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Dirig v. Neal

United States District Court, N.D. Indiana, South Bend Division

January 10, 2019

CHRISTOPHER J. DIRIG, Plaintiff,
v.
RON NEAL, et al., Defendants.

          OPINION AND ORDER

          JON E. DEGUILIO JUDGE

         Christopher J. Dirig, a prisoner without a lawyer, filed an amended complaint but did not pay a filing fee. The Prisoner Litigation Reform Act gives authority to federal courts to allow plaintiffs to initiate actions without the prepayment of filing fees. 28 U.S.C. § 1915. That authority is constrained by Section 1915(g), commonly referred to as the “three strikes rule.” Coleman v. Tollefson, 135 S.Ct. 1759, 1761 (2015). For purposes of § 1915(g), a strike is defined as a dismissal on grounds that an action is frivolous, malicious, or fails to state a claim is. 28 U.S.C. § 1915(g). A prisoner who has accumulated three strikes cannot proceed without a full prepayment of the filing fee unless he can establish that he is in imminent danger of serious physical injury. Id.

         Dirig has accrued three strikes under the Prison Litigation Reform Act and cannot proceed in this case without full payment of the filing fee, absent an allegation of imminent danger of serious physical injury. See Dirig v. Warden, 3:18-cv-356 (N.D. Ind. filed May 14, 2018); Dirig v. GEO/New Castle Correctional Facility, 1:17-cv-70 (S.D. Ind. filed January 9, 2017). In order to meet the imminent danger standard, the threat at issue must be real and proximate. Ciarpaglini v. Saini, 352 F.3d 328, 330 (7th Cir. 2003). Only “genuine emergencies” qualify as a basis for circumventing § 1915(g). Lewis v. Sullivan, 279 F.3d 526, 531 (7th Cir. 2002).

         In the complaint, Dirig alleges that weakness in his left leg makes walking difficult. As a result, he cannot safely access the showers, and his risk of falling and incurring injury is exacerbated by seizures, dizziness, and a history of head injuries. He also alleges that he experiences extreme pain on a daily basis and has had life-threatening blood clots due to his lack of mobility. He seeks an orthopedic consultation, a cane, and pain relief. Because Dirig has already litigated the issue of whether his ability to access to the showers constitutes a credible threat of physical harm, the court will not allow him to proceed on this allegation. See Dirig v. Warden, 3:18-cv-356 (N.D. Ind. filed May 14, 2018). However, with the remaining allegations, Dirig adequately alleges imminent danger of serious physical injury.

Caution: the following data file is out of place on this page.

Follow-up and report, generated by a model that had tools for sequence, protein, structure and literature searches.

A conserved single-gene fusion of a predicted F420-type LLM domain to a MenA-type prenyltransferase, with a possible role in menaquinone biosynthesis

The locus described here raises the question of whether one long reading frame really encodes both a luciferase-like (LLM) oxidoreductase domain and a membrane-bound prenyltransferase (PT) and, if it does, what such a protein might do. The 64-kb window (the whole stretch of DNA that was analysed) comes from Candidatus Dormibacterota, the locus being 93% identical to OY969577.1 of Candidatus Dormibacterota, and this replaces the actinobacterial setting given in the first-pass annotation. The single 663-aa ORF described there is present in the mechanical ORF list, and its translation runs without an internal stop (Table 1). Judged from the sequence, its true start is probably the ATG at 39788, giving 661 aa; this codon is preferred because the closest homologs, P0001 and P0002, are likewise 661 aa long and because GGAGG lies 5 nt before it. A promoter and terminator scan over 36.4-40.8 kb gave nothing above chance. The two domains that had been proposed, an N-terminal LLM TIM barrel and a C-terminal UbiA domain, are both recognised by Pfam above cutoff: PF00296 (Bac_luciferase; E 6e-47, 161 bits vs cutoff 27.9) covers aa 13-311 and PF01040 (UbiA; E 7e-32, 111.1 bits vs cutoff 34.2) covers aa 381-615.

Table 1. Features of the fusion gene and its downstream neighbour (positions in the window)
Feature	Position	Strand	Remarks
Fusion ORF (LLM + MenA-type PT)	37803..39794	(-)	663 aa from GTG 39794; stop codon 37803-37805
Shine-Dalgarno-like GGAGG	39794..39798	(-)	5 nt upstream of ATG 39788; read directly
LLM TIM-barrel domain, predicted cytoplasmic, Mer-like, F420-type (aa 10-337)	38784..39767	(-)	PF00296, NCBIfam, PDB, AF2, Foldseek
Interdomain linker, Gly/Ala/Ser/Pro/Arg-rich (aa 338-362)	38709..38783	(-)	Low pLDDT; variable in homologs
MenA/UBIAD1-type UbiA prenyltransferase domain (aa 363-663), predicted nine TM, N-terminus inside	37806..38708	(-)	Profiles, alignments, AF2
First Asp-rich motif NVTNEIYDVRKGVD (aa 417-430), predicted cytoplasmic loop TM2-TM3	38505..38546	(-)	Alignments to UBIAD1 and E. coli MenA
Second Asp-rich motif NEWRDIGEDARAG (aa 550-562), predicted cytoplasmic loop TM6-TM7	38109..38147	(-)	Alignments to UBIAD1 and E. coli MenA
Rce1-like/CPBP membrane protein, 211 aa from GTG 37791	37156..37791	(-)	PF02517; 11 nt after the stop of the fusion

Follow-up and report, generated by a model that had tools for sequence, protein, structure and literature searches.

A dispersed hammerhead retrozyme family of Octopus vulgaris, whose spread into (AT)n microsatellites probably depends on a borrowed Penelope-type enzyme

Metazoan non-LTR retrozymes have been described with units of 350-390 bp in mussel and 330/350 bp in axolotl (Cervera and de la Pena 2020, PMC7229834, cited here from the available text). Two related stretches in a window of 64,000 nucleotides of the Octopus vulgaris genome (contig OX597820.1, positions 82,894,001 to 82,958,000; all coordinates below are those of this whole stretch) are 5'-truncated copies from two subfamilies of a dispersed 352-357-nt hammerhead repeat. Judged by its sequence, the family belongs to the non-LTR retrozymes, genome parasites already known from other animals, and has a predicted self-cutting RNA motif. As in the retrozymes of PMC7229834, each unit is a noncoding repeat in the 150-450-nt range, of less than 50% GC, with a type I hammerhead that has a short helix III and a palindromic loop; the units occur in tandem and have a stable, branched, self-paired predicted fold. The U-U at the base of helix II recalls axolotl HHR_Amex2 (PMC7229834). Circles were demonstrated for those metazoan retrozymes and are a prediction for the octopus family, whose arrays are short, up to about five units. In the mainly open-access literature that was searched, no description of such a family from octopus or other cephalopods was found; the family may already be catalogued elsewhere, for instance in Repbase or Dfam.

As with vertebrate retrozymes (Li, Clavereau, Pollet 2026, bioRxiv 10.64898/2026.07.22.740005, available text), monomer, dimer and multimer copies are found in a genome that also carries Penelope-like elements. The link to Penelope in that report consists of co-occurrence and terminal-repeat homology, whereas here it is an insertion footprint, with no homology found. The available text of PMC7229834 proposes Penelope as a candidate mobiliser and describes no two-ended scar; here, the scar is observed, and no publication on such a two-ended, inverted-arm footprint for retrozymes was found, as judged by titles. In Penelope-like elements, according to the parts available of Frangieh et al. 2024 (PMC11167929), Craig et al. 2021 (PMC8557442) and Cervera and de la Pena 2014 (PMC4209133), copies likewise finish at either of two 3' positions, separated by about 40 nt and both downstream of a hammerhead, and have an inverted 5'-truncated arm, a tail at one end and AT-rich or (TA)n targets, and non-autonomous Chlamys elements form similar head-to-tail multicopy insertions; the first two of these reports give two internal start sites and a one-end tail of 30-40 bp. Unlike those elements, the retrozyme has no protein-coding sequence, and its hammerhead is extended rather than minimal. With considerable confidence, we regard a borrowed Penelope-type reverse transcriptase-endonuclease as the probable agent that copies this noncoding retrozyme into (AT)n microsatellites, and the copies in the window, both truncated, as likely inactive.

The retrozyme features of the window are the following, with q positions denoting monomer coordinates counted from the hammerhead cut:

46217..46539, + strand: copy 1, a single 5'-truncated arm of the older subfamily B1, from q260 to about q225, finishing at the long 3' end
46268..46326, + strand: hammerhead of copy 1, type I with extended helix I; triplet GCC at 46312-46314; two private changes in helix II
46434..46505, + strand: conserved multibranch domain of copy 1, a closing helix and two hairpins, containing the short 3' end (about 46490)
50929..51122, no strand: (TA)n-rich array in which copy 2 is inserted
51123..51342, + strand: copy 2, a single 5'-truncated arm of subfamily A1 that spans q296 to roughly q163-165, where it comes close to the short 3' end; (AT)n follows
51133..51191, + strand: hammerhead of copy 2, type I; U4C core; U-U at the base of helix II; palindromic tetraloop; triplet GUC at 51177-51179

“The PLRA circumscribes the scope of the court's authority to enter an injunction in the corrections context. Where prison conditions are found to violate federal rights, remedial injunctive relief must be narrowly drawn, extend no further than necessary to correct the violation of the Federal right, and use the least intrusive means necessary to correct the violation of the Federal right.” Westefer v. Neal, 682 F.3d 679 (7th Cir. 2012) (quotation marks, brackets, and citations omitted). Therefore, injunctive relief - if granted - will be limited to requiring prison officials to provide medical care and to accommodate Dirig for his left leg injury as required by the Eighth Amendment.

         Dirig names the Indiana State Prison, the Department of Correction Commissioner, and Warden Ron Neal as defendants. He cannot proceed against the Indiana State Prison because it is a facility, not an individual, corporation, or governmental entity that can be sued. See Smith v. Knox County Jail, 666 F.3d 1037, 1040 (7th Cir. 2012). Further, though the Commissioner likely has the requisite authority, the Warden, by virtue of his position, is better situated to enforce injunctive relief in the event that such relief is granted, and allowing Dirig to proceed against both defendants serves no apparent purpose. Therefore, Dirig may proceed only against Warden Ron Neal in his official capacity.

         As a final matter, Dirig filed a motion asking for photographs that would allow him to demonstrate that his cellhouse is not equipped with handicap accessible showers. However, Dirig has not been granted leave to proceed on allegations related to shower access. Therefore, this motion is denied.

         For these reasons, the court:

(1) GRANTS Christopher J. Dirig leave to proceed against Warden Ron Neal in his official capacity on an injunctive relief claim for medical care and accommodations for his leg injury as required by the Eighth Amendment;
(2) DISMISSES all other claims;
(3) DISMISSES the Indiana State Prison and the IDOC Commissioner;
(4) DIRECTS the clerk and the United States Marshals Service to issue and serve process on Warden Ron Neal at the Indiana Department of Correction with a copy of this order and the amended complaint (ECF 7) as required by 28 U.S.C. § 1915(d);
(5) ORDERS, pursuant to 42 U.S.C. ยง1997e(g)(2), Warden Ron Neal to respond, as provided for in the Federal Rules of Civil Procedure and N.D. Ind. L.R. 10-1(b), only to the claims for which the plaintiff has been ...

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